SEATTLE -- The governors of Washington state and Rhode Island have filed a petition with the U.S. Drug Enforcement Administration that would allow doctors to legally prescribe marijuana as a medical treatment.
Christine Gregoire of Washington and Lincoln Chafee of Rhode Island are asking for the DEA to reclassify marijuana as a schedule 2 drug from schedule 1 -- where it is listed alongside heroin and ecstasy -- which would make it legal for doctors to recommend its use and pharmacists to supply it.
"Poll after poll shows an overwhelming majority of Americans now see medical marijuana as legitimate," said Gregoire of Washington, where pot-dispensing clinics have become popular in the 13 years since the state allowed them.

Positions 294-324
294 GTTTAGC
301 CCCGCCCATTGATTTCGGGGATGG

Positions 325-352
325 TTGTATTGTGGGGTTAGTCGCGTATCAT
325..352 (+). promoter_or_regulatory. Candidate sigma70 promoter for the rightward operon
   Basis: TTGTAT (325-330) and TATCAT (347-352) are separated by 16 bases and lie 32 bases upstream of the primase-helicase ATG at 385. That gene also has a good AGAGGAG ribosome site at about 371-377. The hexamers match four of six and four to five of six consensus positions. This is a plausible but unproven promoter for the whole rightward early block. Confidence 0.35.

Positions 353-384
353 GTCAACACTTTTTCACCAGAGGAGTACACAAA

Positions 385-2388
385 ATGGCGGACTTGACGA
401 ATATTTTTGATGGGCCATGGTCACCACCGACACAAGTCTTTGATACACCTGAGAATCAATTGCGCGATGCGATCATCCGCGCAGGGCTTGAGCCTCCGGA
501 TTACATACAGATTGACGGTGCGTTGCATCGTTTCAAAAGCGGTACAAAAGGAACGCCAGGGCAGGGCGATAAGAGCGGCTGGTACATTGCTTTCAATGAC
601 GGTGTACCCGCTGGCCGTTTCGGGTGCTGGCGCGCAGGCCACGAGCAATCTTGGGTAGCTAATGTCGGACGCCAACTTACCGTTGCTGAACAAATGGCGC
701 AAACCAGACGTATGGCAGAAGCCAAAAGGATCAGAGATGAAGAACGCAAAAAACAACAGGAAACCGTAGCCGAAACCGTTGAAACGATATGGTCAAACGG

"Sixty percent of voters in our state said yes on a 1998 ballot measure. An ever-growing number of doctors now tell thousands of suffering patients they may find relief from the unique medicinal qualities of cannabis."
Washington and Rhode Island are two of 16 U.S. states which allow the sale of medical marijuana in some fashion, even though the drug is still illegal under federal law.
The governors' petition will require the Federal Drug Administration to conduct a new scientific review and analysis of recent advances in cannabis research since the last time the FDA reviewed the matter in 2006.
A spokesman for the DEA did not immediately return a call seeking comment.